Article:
Standard Interpretations - (Archived) Table of Contents|
| Standard Number:||1904|
October 30, 1992
Mr. Bradford Brown
Planning & Research Associate
II Department of Labor
Bureau of Labor Standards
Research and Statistics Division
State House Station #45
Augusta, Maine 04333-0045
Thank you for your letter dated October 14, requesting interpretations on several injury and illness recordkeeping issues. I will restate each question and address it in the order presented. Whenever possible, I will cite the Recordkeeping Guidelines for Occupational Injuries and Illnesses by page and Q&A number.
Q1 An employee is injured on the job (recordable injury). The individual goes out of work and is compensated through Workers' Compensation. The employee goes through months of treatment but is not permanently restricted. The employee accepts a lump sum payment from the employer's insurance company. As part of the lump sum agreement, the employee had to tender his resignation. The employee is still not able to do his previous job. How should the count of the lost workdays be recorded? Include a best estimate of future lost workdays?
A1 Termination of employment may stop the count of lost workdays only if unrelated to the employee's injury or illness. Because the employee's resignation was part of an agreement relating to his injury, the lost workday count should not be stopped. An estimate should be made of the total number of workdays that would have been lost had the employee not been terminated. (Q&A B-11, page 49)
Q2 Employee has a right knee injury (work related) and loses many workdays. He is brought back to work with restrictions. A job was created to accommodate his restrictions. He is doing the full duties of the new job and the same knee is injured. The employee once again loses time from work. If the original injury resulted in permanent transfer, you would stop the count of lost workdays and record a new case for the second injury to the knee. What if the original transfer was not a permanent one?
A2 The aggravation of a previous injury almost always results from some new incident involving the employee. Consequently, when work related, these new incidents should be recorded as new cases on the OSHA forms when they meet the recordability criteria. In the situation described above, a new case should be recorded. The lost workdays should be counted on the second case until it is resolved. If days continue to be lost at that point, assign them to the original case once again. (Q&A B-12, page 31)
Q3 Exposure incidents (needlesticks, lacerations, etc.) resulting in the recommendation of specific vaccinations, even as a precaution are recordable. What if a hepatitis B vaccination is given as a benefit to the employee as a preventative measure and, after receiving the shot, the employee is out for 3 days with flu like symptoms (a common reaction to the shot). Is this case recordable as an injury?
A3 If the shot was given on the employer's premises, work relationship would be presumed. Unless the employee was there as a member of the general public, work relationship is established. If given off premises, the shot would be considered work related if the employee received it as a condition of his or her employment. If the case is determined to be work related, it should then be evaluated as an injury case. The original exposure (the injection) was an instantaneous event. Because the employee experienced lost workdays due to a reaction to the vaccine, the case should be recorded if it is work related. (Section C, pages 32 & 35)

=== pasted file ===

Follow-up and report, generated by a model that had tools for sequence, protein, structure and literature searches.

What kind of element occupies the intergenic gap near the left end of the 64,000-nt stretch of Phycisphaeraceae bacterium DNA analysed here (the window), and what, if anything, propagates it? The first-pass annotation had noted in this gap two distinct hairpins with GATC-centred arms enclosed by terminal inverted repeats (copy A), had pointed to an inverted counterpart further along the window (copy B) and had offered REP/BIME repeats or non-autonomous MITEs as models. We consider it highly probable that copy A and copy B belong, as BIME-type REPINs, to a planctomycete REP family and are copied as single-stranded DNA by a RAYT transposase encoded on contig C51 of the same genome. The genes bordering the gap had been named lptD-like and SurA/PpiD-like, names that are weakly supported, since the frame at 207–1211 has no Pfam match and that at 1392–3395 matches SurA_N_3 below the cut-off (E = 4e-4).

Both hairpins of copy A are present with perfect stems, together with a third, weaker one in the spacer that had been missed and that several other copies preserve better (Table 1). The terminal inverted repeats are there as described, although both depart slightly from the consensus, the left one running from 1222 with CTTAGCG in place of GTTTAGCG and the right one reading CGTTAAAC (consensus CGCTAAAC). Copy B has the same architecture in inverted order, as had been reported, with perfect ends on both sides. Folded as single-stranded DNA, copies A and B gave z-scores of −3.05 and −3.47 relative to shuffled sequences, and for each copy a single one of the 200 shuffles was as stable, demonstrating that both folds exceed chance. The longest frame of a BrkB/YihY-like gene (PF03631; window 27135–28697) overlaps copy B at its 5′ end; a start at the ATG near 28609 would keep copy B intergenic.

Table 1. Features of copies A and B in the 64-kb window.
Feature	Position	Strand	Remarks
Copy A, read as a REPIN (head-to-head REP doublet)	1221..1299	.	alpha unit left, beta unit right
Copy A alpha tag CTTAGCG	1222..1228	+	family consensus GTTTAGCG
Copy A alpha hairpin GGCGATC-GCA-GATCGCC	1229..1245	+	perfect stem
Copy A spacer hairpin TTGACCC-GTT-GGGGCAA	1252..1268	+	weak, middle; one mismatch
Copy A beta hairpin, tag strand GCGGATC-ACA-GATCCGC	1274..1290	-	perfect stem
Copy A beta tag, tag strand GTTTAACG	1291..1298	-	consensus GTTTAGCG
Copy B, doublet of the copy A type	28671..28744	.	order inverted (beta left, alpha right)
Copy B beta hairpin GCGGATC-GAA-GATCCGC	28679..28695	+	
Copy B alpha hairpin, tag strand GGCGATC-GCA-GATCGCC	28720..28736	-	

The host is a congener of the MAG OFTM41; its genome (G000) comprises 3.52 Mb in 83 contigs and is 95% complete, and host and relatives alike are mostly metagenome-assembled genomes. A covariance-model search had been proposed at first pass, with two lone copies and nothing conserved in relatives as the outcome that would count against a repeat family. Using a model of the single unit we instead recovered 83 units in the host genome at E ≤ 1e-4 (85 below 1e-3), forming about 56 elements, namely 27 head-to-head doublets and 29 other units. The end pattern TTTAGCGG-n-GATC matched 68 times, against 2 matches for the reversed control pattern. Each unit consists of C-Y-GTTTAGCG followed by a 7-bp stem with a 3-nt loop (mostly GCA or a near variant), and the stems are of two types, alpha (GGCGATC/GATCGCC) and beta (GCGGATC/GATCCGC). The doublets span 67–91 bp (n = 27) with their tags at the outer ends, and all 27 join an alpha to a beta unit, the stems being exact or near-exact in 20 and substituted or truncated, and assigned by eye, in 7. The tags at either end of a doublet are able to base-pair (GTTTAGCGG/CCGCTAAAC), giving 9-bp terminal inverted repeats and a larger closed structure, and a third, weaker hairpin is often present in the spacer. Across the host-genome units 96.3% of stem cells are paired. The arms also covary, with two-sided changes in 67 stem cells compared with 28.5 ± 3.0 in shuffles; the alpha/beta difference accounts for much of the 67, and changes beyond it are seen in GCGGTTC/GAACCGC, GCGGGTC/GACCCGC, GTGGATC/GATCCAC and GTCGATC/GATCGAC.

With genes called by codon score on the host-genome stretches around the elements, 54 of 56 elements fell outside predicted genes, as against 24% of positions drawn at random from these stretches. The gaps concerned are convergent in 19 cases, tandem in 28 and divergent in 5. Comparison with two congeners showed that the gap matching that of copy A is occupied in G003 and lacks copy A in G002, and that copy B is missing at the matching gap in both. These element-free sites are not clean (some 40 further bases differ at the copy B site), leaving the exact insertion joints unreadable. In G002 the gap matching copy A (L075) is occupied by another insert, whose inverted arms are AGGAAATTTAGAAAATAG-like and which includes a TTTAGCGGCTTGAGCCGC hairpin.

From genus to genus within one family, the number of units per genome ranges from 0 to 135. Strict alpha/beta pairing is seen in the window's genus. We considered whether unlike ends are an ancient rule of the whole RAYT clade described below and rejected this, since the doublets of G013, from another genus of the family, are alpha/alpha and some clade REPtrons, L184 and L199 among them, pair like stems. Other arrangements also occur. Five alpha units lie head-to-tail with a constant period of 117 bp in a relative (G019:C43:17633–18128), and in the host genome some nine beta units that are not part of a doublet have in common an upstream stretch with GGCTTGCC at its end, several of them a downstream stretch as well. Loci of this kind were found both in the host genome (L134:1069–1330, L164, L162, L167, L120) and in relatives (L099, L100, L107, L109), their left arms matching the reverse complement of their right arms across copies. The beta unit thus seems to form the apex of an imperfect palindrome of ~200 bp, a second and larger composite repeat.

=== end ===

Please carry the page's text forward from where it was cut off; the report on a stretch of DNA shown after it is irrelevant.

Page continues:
Q4 Is a case recordable if the medical staff at a plant authorizes medical treatment but the treatment is performed by the employee at work but not in the medical department?
A4 We will assume that the medical treatments being used are: 1) done under standing orders issued by the medical department/employer to use as needed and 2) are provided by the employer. Given the above, it should be interpreted as medical treatment being provided on the second or subsequent visit to medical personnel. A work related injury should then be recorded. Guidance can be found in the Ergonomic Program Management Guidelines for Meatpacking Plants on page 14. An example would be hot wax treatments located near the employees' work stations to be used when they are feeling discomfort.
Q5 Removal of foreign bodies by irrigation are not recordable. Removal of embedded foreign bodies are recordable. What about removal of a non embedded foreign body by cu-tip which is unable to be irrigated?
A5 When addressing the subject of removal of foreign bodies for injury and illness recordkeeping purposes, a distinction is made between removal from the eye and removal from other parts of the body. Removal of non-embedded material from the eye by means of irrigation or cotton swab is considered first aid. Removal of non-embedded material from the eye by any other means is medical treatment. Removal of a foreign body from a wound (other than to the eye) by complicated means because of depth of embedment is medical treatment. Removal by simple means is first aid. (page 42)
Q6 Lost workday cases include cases with restricted workdays. Question B-1 on page 48 seems to contradict C-2 on page 52. Do we count restrictions only on the day of the injury?
A6 Question B-1 on page 48 of the Guidelines is addressing lost workday cases. Question C-2 on page 52 is addressing non-lost workday cases. If there is a restriction on the day of injury or illness only, it is a non-lost workday case (C-2). If there is a restriction beyond the day of injury or illness, it is a lost workday case (B-1).
I hope you find this information useful. If you have any further questions or comments, please call Bob Whitmore or Dave Schmidt at (202) 219-6463.
Stephen A. Newell
Office of Statistics
|Standard Interpretations - (Archived) Table of Contents|
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